"Any unnecessary distraction for motorists can cause collisions and cost lives.
"That is besides the cost of removing it which could be better spent maintaining our roads.”
M57 - ‘The pies’
For more than 30 years, faded white lettering on a bridge above the M57 was among the region's most-loved graffiti.
The message changed many times over the years, but many people will remember it reading "The Pies".
This related to the Liverpool band The Pies, who have maintained a cult status across Merseyside as their name has been daubed in feet-high white paint at unusual locations, also the M6, the M62 and on the Mersey Tunnel ventilation shaft.
The original graffiti was actually painted on a bridge above the M57 after the band said they "became stuck" on the bridge and "didn't know what else to do".
In 2016, he told the BBC: "The M57 is the famous one, 'The Pies The Pies' was basically because we got stuck on the bridge and we didn't know what to do, so we wrote The Pies again.
"It stayed up over twenty years, and Alexei Sayle used to say the council would paint around it."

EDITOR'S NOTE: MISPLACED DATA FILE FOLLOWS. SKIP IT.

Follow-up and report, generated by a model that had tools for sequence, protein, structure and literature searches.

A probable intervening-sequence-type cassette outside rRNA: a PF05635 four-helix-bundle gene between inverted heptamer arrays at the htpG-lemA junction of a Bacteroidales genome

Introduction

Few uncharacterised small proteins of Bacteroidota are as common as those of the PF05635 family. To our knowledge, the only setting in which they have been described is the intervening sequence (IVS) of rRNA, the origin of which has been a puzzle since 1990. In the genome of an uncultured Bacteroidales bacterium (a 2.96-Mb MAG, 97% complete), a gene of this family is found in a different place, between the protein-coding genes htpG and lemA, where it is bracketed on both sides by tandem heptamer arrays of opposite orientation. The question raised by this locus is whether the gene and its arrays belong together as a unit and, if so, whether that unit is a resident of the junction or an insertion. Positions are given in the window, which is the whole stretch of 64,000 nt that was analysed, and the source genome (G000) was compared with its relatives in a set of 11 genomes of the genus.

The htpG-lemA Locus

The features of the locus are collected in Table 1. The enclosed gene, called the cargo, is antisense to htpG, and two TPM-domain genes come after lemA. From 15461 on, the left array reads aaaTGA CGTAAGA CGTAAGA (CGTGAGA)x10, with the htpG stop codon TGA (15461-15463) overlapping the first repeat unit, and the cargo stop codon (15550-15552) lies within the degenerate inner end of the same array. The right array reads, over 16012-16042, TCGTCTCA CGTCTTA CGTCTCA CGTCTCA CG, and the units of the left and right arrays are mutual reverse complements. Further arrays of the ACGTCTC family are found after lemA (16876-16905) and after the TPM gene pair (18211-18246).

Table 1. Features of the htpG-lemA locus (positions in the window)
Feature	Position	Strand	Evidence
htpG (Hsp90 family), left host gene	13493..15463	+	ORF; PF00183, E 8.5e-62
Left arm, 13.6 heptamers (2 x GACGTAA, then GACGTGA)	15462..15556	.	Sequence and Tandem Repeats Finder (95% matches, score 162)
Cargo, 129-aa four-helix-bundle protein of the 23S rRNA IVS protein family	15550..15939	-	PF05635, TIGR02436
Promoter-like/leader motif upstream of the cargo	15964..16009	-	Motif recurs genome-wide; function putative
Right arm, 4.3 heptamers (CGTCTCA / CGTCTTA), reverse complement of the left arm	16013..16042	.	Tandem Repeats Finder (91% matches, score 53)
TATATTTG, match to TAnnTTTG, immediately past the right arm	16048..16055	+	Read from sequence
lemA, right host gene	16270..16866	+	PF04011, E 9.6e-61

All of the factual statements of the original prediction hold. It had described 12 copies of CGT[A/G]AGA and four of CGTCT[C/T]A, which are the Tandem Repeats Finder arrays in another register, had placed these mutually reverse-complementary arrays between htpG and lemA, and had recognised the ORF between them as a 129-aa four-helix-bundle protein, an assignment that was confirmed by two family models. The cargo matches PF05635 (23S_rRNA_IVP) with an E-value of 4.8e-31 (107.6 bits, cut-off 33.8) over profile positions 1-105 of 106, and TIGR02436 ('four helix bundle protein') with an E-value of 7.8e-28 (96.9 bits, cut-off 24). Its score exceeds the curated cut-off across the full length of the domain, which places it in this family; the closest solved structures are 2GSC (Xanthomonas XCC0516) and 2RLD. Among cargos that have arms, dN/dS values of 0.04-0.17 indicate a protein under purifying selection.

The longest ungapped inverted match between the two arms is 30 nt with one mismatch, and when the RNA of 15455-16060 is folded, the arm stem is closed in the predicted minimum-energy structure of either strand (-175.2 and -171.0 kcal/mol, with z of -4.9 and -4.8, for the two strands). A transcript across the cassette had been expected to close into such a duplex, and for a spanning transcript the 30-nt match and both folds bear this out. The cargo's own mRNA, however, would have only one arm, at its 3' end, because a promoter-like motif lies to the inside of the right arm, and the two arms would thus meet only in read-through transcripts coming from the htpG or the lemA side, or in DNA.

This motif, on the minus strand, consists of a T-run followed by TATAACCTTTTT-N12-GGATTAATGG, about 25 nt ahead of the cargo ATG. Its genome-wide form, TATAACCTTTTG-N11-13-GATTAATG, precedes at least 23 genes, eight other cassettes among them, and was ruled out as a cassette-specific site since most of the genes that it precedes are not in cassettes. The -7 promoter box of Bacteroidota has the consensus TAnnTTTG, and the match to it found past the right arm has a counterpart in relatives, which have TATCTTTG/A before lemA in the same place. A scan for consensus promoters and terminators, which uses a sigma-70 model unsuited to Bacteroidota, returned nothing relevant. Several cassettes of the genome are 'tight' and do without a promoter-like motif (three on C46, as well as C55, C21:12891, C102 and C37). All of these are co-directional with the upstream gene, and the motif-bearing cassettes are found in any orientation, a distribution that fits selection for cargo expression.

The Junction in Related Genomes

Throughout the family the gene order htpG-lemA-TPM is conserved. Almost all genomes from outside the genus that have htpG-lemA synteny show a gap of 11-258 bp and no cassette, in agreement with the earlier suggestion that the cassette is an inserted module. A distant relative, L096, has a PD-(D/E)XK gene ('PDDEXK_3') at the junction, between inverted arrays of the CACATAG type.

Papa Mashee, from The Pies, previously said: "The Pies The Pies M57’ is loved by the people the length of the country. North westerners love it because they know they are home. It is on the best graffiti of all time on many motorists’ lists.
"It’s make a lot of people laugh a lot – I mean belly laugh. It helped Alexei Sayle make his first novel Overtaken – where he devotes the first six pages including the foreword speculating hilariously about what it means and who did it."
In September 2020, people in Merseyside were furious after the iconic landmark had been defaced.
Targeted by coronavirus conspiracy theorists, the historic graffiti was removed and replaced by the word "Plandemic."